A new study from Washington University in St. Louis found that the gut makeup of apes living in US zoos more closely resembles that of people who eat a non-Western diet when compared to the intestinal bacteria of their wild ape cousins.
Without disturbing the subjects, researchers followed apes in known groups and discreetly plucked fecal samples from 18 wild chimpanzees and 28 wild gorillas in Nouabale-Ndoki National Park in the Republic of Congo. The research team also obtained fecal samples from 81 people who lived on the outskirts of the park.
At the same time, the researchers in the US collected fecal samples from 18 chimpanzees and 15 gorillas living at either the St. Louis Zoo or the Lincoln Park Zoo in Chicago.
Going the distance
The fecal samples from the Republic of Congo had quite a journey ahead. They were stored in liquid nitrogen, carried to the park headquarters, and transported by dugout canoe down the Sangha River and then by truck to Brazzaville, the capital of the Republic of Congo, where they were held in a freezer until they could be shipped to a lab in the US.
The research team studied the samples and identified various bacteria and the antibiotic genes present in the gorilla, chimpanzee and human samples. From there, they compared their findings to publicly available data on people who live in the US, Peru, El Salvador, Malawi, Tanzania, or Venezuela and maintain hunter-gatherer, rural agriculturalist, or urban lifestyles.
The study found that contact with people influences the gut microbial communities of gorillas and chimpanzees.
The gut microbiomes of people fell into two groups. One group consisted of hunter-gatherers and rural agriculturalists who mostly eat a diet rich in vegetables and light in meat and fat. This group included the people from the outskirts of the national park in the Republic of Congo.
The second group were urban people who eat a Western diet heavy in meat.
The third group was formed by gorillas and chimpanzees in the wild, distinct from both human groups.
When comparing captive apes to the above groups, the researchers discovered that the gut makeup of captive apes more closely resembled the microbiomes of people who ate non-Western diets in the first group than their wild cousins.
The authors point out that the findings suggest that human contact influences the gut microbiomes of gorillas and chimpanzees, and that the microbiomes of wild apes provide clues to human-ape interactions that could inform efforts to protect the endangered species.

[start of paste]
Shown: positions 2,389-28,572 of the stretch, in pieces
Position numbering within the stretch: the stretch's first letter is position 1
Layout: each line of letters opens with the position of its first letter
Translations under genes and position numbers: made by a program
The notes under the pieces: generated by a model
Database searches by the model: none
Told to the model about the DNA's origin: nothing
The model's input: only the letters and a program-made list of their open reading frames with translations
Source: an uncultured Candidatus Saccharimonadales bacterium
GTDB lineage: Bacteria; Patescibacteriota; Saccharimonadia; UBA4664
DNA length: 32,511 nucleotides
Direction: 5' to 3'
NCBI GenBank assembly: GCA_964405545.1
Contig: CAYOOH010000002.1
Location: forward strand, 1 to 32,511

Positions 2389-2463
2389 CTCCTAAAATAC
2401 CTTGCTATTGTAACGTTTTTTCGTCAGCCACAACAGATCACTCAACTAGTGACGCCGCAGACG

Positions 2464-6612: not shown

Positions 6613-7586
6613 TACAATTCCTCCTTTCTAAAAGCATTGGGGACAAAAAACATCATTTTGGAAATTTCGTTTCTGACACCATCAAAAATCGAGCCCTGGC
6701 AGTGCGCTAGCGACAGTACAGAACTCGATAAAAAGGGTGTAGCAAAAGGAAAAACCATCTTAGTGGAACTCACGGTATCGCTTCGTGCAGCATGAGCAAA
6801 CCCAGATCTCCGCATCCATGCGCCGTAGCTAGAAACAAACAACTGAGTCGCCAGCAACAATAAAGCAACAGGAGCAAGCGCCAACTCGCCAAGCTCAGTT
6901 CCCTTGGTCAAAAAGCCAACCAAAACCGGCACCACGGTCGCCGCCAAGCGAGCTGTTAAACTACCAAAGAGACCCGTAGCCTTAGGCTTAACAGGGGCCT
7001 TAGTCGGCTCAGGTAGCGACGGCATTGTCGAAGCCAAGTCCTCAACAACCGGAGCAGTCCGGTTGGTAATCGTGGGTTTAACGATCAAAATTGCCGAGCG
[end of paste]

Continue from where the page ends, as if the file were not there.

“Chimpanzees are endangered, and Western lowland gorillas are critically endangered; their main threats are habitat destruction, poaching and disease,” said co-author Crickette Sanz, PhD, an associate professor of biological anthropology in Arts & Sciences at Washington University.“Measuring the gut microbiome could be a way to monitor apes’ exposure to anthropogenic threats so we can identify areas of concern and develop effective, evidence-based mitigation strategies.”
Even wild apes that have never encountered antibiotics harbor microbes with antibiotic-resistant genes. The researchers said this study led to the discovery of several previously unknown antibiotic resistance genes in the wild apes and people from Congo, including one that provides resistance to colistin, an antibiotic in last resort cases.
The findings could lead to new ways of identifying novel antibiotic resistance genes before they become widely established in bacteria in people, giving researchers time to develop tools to counter such genes before they threaten human health.
First author Tayte Campbell, PhD, then a graduate student at Washington University School of Medicine, noted that this rare opportunity to study wild apes offers a glimpse into the future. “When we find these novel antibiotic resistance genes in the environment, we can study them and possibly find ways to inhibit them before they show up in human pathogens and make infections very difficult to treat.”
“Wild apes are the closest thing we have to pre-antibiotics humans,” said senior author Gautam Dantas, PhD, a professor of pathology and immunology, of molecular microbiology, and of biomedical engineering at Washington University School of Medicine. “It’s difficult to figure out exactly how antibiotics affect the human gut microbiome when almost everyone is born with bugs that already have antibiotic resistance genes.”
Source: The ISME Journal
“The microbiome and resistome of chimpanzees, gorillas, and humans across host lifestyle and geography”
Authors: T. Campbell et al.